Infographic: National Flag of Canada Day – February 15

This infographic gives a history of the famous national flag of Canada. Our nation celebrates the anniversary of the flag every year on February 15th.

Interesting Facts about National Flag Day. Full text description provided below.

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National Flag of Canada Day – February 15

The year was 1964 and Canada's centennial was fast approaching. Parliament voted to adopt a new design for the Canadian flag and issued a call for submissions. Almost 4,000 designs were submitted in many different colour combinations and motifs by Canadians from all walks of life, including A.Y. Jackson of the Group of Seven.

Submissions came in all shapes and sizes and on a variety of materials: wrapping paper, tissue paper, wallpaper, cardboard, bristol board, mat board, pieces of cloth, etc. Some people used pictures out of magazines, the labels off commercial products, postcards or included petitions in support of their design.

The final design was announced on December 15, 1964, and the official ceremony inaugurating the new Canadian flag was held on February 15, 1965.

Red and white were designated Canada's colours by King George V on November 21, 1921, in the proclamation of the Royal Arms of Canada – Canada's coat of arms.

The maple leaf as found on the national flag is a traditional emblem of Canada. It was for many years the symbol of the Canadian Armed Forces and was used to identify Canadian contingents in the two world wars.

Did you know

  • the flag on Parliament Hill's Peace Tower is 4.6 metres wide by 2.3 metres tall. That's taller than the average Canadian! A scale drawing of a Canadian flag with a person beside it for size comparison. The flag is 2.3 meters (or 7 ft 6 in) tall and 4.6 meters (or 15 ft) wide. The person is 1.7 meters (or 5 ft 6 in tall).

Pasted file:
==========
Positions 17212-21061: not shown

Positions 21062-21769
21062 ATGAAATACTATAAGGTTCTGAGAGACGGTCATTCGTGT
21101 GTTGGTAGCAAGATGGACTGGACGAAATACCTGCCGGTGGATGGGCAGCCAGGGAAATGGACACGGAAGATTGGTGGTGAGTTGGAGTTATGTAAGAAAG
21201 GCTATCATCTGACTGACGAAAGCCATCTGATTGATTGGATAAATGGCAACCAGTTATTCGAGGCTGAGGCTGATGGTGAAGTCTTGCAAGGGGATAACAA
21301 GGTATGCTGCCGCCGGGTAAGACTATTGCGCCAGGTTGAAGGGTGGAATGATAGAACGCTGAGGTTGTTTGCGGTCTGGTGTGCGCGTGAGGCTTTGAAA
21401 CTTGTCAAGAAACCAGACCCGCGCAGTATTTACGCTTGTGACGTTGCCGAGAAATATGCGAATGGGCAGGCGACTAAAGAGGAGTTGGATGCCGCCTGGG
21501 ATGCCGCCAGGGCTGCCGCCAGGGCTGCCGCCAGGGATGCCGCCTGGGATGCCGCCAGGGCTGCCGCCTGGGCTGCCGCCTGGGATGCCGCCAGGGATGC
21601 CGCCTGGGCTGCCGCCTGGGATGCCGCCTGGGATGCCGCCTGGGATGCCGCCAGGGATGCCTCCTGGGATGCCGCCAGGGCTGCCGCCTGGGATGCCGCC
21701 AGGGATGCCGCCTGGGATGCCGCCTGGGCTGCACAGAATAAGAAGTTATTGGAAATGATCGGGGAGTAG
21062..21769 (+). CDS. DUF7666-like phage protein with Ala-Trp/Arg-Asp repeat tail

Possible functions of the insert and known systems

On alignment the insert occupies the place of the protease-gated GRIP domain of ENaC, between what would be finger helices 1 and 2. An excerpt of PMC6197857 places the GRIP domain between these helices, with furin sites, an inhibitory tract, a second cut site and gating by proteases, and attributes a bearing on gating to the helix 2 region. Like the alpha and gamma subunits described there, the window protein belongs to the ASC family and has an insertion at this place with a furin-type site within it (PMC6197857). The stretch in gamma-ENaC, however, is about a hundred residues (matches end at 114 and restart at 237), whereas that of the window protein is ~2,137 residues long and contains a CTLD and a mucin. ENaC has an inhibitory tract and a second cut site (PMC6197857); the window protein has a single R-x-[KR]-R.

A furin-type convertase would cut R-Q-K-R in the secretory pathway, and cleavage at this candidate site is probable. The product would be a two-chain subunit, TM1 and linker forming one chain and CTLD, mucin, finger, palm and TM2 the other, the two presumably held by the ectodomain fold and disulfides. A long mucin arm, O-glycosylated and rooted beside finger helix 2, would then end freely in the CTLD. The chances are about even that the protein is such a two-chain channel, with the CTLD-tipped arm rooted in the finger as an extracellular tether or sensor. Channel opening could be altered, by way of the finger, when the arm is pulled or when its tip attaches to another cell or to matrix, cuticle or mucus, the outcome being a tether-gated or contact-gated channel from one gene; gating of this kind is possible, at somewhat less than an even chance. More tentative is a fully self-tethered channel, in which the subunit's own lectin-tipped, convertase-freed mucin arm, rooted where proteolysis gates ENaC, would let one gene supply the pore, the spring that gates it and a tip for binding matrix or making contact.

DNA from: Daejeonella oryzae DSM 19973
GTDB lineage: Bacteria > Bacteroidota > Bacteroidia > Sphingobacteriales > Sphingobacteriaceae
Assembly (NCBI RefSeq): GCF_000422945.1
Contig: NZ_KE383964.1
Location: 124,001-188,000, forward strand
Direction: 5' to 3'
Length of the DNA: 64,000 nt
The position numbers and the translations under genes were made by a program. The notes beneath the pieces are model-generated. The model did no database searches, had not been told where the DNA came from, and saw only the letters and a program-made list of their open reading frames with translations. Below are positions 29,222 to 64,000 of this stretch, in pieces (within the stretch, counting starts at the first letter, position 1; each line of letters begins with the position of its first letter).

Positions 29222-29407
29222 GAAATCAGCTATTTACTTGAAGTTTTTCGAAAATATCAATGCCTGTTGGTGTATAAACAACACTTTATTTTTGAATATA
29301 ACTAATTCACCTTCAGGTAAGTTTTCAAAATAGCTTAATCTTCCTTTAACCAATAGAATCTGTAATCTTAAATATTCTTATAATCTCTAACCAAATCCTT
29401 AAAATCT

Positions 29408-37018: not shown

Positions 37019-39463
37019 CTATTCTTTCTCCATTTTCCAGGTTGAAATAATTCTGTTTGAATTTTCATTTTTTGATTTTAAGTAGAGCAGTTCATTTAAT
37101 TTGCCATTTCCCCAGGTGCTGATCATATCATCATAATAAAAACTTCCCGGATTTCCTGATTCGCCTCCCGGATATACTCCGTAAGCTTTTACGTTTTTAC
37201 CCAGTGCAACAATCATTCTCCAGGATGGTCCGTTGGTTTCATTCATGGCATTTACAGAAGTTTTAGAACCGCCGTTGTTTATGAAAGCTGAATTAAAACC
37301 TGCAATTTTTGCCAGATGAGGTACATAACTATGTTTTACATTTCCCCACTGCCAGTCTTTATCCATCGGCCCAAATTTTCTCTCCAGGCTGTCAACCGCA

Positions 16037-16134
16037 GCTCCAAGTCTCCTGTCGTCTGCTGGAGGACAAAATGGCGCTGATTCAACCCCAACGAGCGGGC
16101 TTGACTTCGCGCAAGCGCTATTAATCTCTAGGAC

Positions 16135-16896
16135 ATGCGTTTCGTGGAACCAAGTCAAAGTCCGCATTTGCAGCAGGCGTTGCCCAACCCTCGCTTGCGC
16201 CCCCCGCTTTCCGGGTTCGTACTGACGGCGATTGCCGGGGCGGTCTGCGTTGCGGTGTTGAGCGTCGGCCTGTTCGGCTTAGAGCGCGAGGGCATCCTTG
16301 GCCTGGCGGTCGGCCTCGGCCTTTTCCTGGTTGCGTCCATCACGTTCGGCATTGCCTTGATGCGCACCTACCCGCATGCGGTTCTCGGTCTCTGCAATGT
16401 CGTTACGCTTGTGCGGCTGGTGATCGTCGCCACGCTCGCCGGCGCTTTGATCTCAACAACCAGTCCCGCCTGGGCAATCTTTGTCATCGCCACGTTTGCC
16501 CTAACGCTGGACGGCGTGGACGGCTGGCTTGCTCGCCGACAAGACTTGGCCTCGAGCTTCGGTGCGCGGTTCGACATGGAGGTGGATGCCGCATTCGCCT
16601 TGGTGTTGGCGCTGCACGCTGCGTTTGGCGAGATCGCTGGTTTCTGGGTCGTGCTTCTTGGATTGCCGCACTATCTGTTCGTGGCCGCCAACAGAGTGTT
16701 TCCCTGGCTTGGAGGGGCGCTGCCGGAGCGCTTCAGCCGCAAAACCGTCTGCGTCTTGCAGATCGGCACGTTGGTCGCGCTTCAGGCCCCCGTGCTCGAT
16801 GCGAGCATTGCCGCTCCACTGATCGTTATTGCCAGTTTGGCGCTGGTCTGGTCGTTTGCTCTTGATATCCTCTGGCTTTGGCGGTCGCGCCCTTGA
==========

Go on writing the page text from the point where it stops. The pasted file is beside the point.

• a Public Works and Government Services Canada (PWGSC) employee changes the Peace Tower flag every working day, except during unsafe weather conditions.
  • flags flown on Parliament Hill never serve another official purpose, regardless of the time spent on the pole.
  • PWGSC started a wait list for requesting flags flown on Parliament Hill in the mid-1990s and began changing the Peace Tower flag daily in 1998 to keep up with the demand.
  • the current wait time for a Peace Tower flag has increased to over 100 years!

Public Works and Government Services Canada | | Twitter: @PWGSC_TPSGC | Flickr & YouTube: PWGSCanada

Created in collaboration with Canadian Heritage | Facebook: Canadian Heritage | Twitter: @CdnHeritage

Library and Archives Canada | Facebook: Library and Archives Canada | Twitter: @LibraryArchives

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